In both cases, there was a reassuring certainty about the nature of work. Now it feels like everything is up in the air, up for grabs, in flux.
There seem to be as many hybrid working solutions as there are people to ask – so who is going to give us our “return to the office report card”? Or are we just destined to keep struggling through until time eventually tames this new and unruly frontier?
This is the dilemma facing every employer. For two years we have been bombarded by articles, talking heads and opinion pieces telling us that the office as we knew it has been consigned to the dustbin of history. That remote, flexible and hybrid working is the only future.
However, in the Wild West, it was always difficult to tell the silver-tongued snake oil salesman from the Levi Strauss-style visionary spotting opportunity in times of transition. For every hardworking shovel salesman or homesteader just getting on, there was a yahooing gunsel or card sharp exploiting uncertainty.
These are uncertain times when everything we thought we knew has been trampled as thoroughly as if under the hooves of stampeding steer.
As an example, If that hard-pressed parent is delivering productivity miracles thanks to flexible working, does that single 20-something who lives within walking distance of the office really need two remote working days per week to take care of “life admin”?
In true Wild West fashion, wherever an employer looks, they will get contradictory answers. Certainty seems further away than it did even at the outset of the pandemic.
For every serious article which suggests that a return to office helps dedicated workers to build important and long-lasting relationships to advance their careers, there is another which says the “office suck up” will prosper at the expense of hard-grafting home workers.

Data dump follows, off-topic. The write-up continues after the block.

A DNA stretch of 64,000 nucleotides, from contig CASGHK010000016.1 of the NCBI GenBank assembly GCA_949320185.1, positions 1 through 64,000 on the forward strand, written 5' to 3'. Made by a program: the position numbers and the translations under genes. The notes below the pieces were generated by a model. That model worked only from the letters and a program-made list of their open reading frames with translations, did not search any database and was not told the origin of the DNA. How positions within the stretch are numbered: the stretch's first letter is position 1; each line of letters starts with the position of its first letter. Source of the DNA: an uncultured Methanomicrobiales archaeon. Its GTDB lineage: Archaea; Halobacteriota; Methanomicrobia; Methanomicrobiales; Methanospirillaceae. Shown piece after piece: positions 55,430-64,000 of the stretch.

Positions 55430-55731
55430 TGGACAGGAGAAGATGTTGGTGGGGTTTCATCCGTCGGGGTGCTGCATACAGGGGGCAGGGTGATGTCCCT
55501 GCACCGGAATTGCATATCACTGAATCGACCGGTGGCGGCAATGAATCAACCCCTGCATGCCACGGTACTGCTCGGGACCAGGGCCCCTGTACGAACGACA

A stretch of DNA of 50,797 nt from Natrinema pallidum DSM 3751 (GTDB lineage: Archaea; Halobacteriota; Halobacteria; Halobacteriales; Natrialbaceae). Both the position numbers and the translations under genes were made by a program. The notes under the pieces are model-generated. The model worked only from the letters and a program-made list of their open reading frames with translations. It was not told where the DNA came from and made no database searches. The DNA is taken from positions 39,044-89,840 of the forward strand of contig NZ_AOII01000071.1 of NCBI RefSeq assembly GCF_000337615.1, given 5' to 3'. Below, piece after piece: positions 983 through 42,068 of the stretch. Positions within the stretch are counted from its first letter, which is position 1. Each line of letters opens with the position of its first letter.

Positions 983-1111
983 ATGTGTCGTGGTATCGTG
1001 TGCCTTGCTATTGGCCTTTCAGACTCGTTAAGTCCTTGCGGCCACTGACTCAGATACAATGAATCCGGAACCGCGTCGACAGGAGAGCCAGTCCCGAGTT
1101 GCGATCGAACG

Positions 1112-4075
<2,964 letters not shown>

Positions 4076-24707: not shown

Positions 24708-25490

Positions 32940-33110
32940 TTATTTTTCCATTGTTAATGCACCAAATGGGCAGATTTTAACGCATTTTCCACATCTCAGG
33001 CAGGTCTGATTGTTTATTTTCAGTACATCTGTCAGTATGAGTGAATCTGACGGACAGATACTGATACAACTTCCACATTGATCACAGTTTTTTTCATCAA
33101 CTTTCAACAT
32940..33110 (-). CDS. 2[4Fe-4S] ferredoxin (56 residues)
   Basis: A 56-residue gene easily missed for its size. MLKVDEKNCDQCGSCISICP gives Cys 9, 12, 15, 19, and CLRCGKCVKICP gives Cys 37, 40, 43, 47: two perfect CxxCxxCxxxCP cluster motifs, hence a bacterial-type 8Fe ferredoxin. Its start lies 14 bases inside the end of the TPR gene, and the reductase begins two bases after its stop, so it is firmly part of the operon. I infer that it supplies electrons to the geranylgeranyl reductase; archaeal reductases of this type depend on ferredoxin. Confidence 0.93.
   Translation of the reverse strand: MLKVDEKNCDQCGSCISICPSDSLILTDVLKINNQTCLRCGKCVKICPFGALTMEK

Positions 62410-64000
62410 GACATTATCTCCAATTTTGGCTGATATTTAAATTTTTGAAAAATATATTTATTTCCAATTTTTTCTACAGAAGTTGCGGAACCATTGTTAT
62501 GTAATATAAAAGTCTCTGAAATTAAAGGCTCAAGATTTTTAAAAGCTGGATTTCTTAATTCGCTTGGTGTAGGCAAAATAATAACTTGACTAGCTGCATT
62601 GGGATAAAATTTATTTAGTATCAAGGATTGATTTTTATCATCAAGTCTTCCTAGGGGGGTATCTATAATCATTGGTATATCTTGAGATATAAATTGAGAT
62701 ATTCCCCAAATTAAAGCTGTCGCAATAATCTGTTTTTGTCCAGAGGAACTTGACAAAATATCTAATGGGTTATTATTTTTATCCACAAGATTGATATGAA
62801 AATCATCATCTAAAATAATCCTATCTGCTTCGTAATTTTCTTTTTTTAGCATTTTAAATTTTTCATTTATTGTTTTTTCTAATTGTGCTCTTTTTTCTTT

Elsewhere, research suggests that the very bosses who are exhorting staff to return to the workplace are the very same people who are embracing flexibility for themselves. It sounds like a classic case of do as I say, not as I do style double standards.
While we’ve all been affected by Zoom fatigue, now experts are telling us that meetings by video could be crushing creativity. Lab research suggests that in-person meetings yield far more colourful, inventive and innovative ideas than those conducted via screen.
If you’re looking for someone to pin a five-pointed star to their chest, pull the brim of their hat low and tell you with absolute certainty about the law in this frontier town, I’m afraid I’m not your man.
However, with a number of weeks of being back in the office under my belt, I have a few observations:
Firstly, there is so much opportunity and loads of new business being done. I’d forgotten how important it is to meet people to pitch for new business. We have welcomed more new clients in the last two months than in the last two years.
Without a doubt, having colleagues back in the workplace also helps in terms of cross-selling and maximising opportunities. Those chats over a coffee, overheard conversations, or introductions to visiting clients are highly impactful.
When it comes to more junior members of the team, I’ve also realised just how much learning is done by watching and listening to colleagues. I’m starting to worry that we may well have people who will be missing two years’ worth of development. We need to work on filling that gap.
Our people are brilliant. I always knew that but observing them in action makes me realise just how capable and professional they are. Emails and video calls don’t always let you see your talent in action and it's reassuring and pleasing in equal measures.
Whatever way you look at it, it’s probably best to saddle up – because this wild ride ain't over yet. However, it is helluva good to be back on the ranch!